Across the globe, reports of diminishing revenue for major land-based casinos have caused nail biting among operators and government treasurers. From new restrictions on pokies in Australia, to the closure of 4 (soon to be 5) of Atlantic City, New Jersey’s 12 casinos this year alone, it’s clear that the gambling industry is taking an economic dive. And with it, slot machine makers are finding that their warehouses have more machines than shelf space.
Economic windfalls always have a trickle effect, and this one is no different. Thousands upon thousands of casino workers found themselves walking the unemployment line this year, just as establishments locked their doors or shuttered various areas of the gaming floor to save money. Slot machine makers are feeling the crunch as well, finding the demand for new gambling devices has fallen far below status quo.
It was a topic of heavy discussion at the G2E Global Gaming Expo in October, and one that investors at Wells Fargo shed some moderately positive light on. Dennis Farrell Jr., leader of the Wells Fargo team at G2E, said, “We believe the gaming technology sector is attractively priced as a subsector on a yield basis and expect free cash flow generation and recurring revenue streams to offset near-term industry challenges.”
The investment bank is anticipating a drop of 35.2% in slot machine and table game sales across the US this year alone, and another 10.4% decrease in 2015. An additional 1.9% decline in replacement sales is projected for next year “as industry demand stabilizes at around 46,000 replacement units.” But Wells Fargo believes those figures will rise back into the positive realm the following year.
“We expect 2015 to mark the bottom in product sales as 2016/2017 should show improved growth with Maryland, Massachusetts, New York, Pennsylvania and Macau [opening] new gaming offerings,” said Farrell Jr.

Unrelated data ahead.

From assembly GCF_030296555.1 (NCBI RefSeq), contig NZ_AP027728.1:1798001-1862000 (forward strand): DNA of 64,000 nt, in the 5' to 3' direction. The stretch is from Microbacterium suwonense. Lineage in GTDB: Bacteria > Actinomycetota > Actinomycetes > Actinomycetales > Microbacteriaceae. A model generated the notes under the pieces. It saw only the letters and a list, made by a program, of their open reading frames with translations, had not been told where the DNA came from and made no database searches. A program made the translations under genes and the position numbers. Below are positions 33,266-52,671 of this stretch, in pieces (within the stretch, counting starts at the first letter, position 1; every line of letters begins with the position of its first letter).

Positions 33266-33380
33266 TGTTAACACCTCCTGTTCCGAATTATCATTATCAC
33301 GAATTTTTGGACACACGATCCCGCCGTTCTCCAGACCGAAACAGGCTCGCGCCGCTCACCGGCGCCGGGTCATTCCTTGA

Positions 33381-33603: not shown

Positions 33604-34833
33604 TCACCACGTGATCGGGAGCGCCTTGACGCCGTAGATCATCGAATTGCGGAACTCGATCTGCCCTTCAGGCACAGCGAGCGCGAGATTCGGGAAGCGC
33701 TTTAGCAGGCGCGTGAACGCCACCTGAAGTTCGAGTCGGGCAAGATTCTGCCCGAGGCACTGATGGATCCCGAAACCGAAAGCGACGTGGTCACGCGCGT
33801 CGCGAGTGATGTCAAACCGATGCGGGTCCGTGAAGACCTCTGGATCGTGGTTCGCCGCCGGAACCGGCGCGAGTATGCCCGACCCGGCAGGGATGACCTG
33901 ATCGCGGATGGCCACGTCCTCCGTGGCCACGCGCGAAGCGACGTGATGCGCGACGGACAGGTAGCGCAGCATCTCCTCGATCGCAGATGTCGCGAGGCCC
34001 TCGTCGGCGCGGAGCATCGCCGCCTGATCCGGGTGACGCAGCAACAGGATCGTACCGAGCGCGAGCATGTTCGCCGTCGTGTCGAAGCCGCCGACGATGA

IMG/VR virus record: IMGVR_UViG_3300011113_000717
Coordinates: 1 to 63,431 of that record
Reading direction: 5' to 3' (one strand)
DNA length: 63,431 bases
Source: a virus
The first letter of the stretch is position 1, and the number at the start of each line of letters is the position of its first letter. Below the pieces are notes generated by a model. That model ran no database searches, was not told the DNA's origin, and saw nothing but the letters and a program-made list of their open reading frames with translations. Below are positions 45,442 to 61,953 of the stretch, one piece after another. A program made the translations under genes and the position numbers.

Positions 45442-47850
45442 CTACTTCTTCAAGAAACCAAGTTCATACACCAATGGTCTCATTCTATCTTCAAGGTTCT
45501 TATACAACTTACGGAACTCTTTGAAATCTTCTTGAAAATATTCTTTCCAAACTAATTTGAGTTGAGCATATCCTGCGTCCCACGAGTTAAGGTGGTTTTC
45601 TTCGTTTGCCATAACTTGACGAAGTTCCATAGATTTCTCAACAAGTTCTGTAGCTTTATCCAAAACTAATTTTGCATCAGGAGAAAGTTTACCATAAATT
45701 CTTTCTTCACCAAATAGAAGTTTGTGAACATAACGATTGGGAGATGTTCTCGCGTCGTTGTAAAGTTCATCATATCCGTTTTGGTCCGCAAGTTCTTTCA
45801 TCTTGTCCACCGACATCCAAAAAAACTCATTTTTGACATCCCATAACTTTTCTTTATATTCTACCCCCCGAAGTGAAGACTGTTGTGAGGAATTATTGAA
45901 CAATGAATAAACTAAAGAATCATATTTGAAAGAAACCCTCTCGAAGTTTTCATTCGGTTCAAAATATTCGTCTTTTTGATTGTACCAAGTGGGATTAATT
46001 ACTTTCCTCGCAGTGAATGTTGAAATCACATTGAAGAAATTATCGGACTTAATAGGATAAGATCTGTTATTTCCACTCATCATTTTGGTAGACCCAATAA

It seems consolidation is the name of the game for now. A number of major buyouts are already taking place. In October, Australia’s slot machine giant Aristocrat Leisure purchased US-based slot machine maker VGT for $1.28 billion. Last month, US-based lottery equipment and management firm Scientific Games completed the acquisition of global slot machine maker Bally Technologies Inc. for $5.1 billion. Another deal expected to close in mid-2015 will see Italian lottery equipment brand GTech absorb major slot machine maker, IGT for $6.4 billion.
Wells Fargo said the slot machine industry’s weak results, combined with the recent growth of the lottery technology segment” has been a strong channel for consolidation.
In a report published on Wednesday, Wells Fargo said these mergers will help reduce the bottom line for companies by reducing labor costs and synergizing revenues. “Cross-selling and mobile expansion” were also considered highlights for future growth.
“The online and mobile lottery market is a strong, long-term opportunity for the industry,” leading into another topic of potential growth for lottery equipment and slot machine manufacturers. Wells Fargo said that interactive gaming via mobile and online, including both real money gambling and social gaming opportunities, presents “compelling growth opportunities”.
On the opposite end of the spectrum, Wells Fargo warned that, “barriers to entry are quite low and technology content could be short-lived.” Essentially, the market is still new and there are many competitors looking to tap into the market. Much of the content will see transitory appeal among consumers and could result in many more acquisitions of smaller brands, this time in the online/mobile gambling and social gaming sector.